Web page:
Etymonline links this to howling dogs
"howl of a dog," early 14c., earlier "howling chorus raised (by
hounds) when in contact with the hunted animal," c.1300, from O.Fr.
bayer, from PIE base *bai- echoic of howling (cf. Gk. bauzein, L.
baubari "to bark," English bow-wow; cf. also bawl).
From the hunting usage comes the transferred sense of "final
encounter," and thence, on the notion of putting up an effective
defense, at bay. As a verb, "to bark or howl (at)," from late 14c.
An interesting explanation is found on the Word Detective archives
It's that last, "howling dog," sense of "bay" that gave us "at bay."
When "bay" first appeared in this sense in English around 1300, it
meant the chorus of howling barks of a pack of hunting hounds in hot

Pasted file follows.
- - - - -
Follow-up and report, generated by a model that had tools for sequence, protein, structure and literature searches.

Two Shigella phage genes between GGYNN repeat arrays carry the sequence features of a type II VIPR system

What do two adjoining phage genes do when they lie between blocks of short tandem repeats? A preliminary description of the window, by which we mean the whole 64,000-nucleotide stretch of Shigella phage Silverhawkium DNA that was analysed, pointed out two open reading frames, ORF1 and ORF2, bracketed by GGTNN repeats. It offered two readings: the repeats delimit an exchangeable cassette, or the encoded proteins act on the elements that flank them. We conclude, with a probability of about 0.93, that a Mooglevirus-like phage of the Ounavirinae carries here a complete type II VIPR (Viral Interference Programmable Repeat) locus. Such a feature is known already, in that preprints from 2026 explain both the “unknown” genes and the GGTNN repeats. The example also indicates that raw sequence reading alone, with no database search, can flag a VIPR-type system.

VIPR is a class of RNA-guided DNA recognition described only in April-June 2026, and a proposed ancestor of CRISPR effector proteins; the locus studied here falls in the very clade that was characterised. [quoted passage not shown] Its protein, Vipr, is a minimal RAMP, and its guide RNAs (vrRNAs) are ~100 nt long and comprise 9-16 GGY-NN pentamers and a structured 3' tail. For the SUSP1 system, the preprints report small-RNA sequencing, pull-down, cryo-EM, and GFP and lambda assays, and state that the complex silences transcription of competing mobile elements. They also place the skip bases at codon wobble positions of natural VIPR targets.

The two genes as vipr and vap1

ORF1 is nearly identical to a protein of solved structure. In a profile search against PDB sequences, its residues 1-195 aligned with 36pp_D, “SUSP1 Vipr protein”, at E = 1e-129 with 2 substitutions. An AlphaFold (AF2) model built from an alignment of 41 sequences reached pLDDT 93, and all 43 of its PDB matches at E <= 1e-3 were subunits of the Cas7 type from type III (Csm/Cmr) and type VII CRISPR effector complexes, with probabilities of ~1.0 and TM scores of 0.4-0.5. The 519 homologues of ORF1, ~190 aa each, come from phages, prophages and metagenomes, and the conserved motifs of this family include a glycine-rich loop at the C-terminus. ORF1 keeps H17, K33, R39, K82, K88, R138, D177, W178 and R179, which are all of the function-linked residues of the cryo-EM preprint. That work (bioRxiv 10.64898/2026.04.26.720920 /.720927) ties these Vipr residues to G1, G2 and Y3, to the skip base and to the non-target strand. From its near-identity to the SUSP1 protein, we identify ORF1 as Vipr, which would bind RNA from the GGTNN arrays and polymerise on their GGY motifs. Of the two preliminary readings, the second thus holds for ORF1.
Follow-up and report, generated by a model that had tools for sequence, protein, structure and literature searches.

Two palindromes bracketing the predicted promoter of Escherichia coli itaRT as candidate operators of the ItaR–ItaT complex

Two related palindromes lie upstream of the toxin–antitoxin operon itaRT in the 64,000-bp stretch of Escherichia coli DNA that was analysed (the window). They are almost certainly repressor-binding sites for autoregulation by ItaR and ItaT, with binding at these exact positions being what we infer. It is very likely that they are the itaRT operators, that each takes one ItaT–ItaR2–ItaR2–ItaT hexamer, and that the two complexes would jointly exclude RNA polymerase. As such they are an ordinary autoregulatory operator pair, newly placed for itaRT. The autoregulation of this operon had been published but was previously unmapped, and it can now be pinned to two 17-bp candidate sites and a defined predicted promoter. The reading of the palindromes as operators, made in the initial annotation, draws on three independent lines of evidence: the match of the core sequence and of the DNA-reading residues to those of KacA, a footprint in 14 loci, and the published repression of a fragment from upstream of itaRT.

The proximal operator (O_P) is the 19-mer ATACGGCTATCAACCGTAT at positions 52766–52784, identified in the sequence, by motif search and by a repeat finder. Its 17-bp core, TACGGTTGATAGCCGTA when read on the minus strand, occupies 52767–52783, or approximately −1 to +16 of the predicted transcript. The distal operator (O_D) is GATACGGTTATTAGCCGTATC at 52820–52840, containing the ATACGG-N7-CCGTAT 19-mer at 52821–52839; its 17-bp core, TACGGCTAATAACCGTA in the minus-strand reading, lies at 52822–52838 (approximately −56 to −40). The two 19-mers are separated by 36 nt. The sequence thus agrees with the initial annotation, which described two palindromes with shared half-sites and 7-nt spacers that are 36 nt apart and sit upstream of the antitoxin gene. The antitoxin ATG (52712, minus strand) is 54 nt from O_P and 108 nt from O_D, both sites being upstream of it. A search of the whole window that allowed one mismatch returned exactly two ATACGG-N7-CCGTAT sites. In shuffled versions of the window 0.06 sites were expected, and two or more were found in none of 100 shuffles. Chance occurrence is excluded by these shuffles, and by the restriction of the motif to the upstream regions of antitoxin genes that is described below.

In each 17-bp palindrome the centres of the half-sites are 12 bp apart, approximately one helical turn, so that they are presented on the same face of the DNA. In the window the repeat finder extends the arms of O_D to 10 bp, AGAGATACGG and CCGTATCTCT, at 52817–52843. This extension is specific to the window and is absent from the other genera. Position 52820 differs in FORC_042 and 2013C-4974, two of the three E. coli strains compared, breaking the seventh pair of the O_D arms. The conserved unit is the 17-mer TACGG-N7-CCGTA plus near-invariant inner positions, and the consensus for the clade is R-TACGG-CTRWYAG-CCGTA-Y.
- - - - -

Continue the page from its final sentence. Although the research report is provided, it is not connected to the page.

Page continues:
pursuit of their prey. (This "bay" as "howling bark" also is used in
the phrase "baying at the moon," which some dogs lacking access to
television are known to do.)
In the final stage of such a grim chase, the hunted animal (fox,
raccoon, etc.) will often find itself cornered and turn to face the
pursuing pack. If the animal is sufficiently determined (and who
wouldn't be?), it may be able to at least temporarily repel the dogs,
rendering them able only to stand and howl, thus keeping them "at
As a metaphor for holding off difficulties (and making a perhaps
ultimately futile last stand), "to hold at bay" was in use applied to
humans and their problems by the 16th century.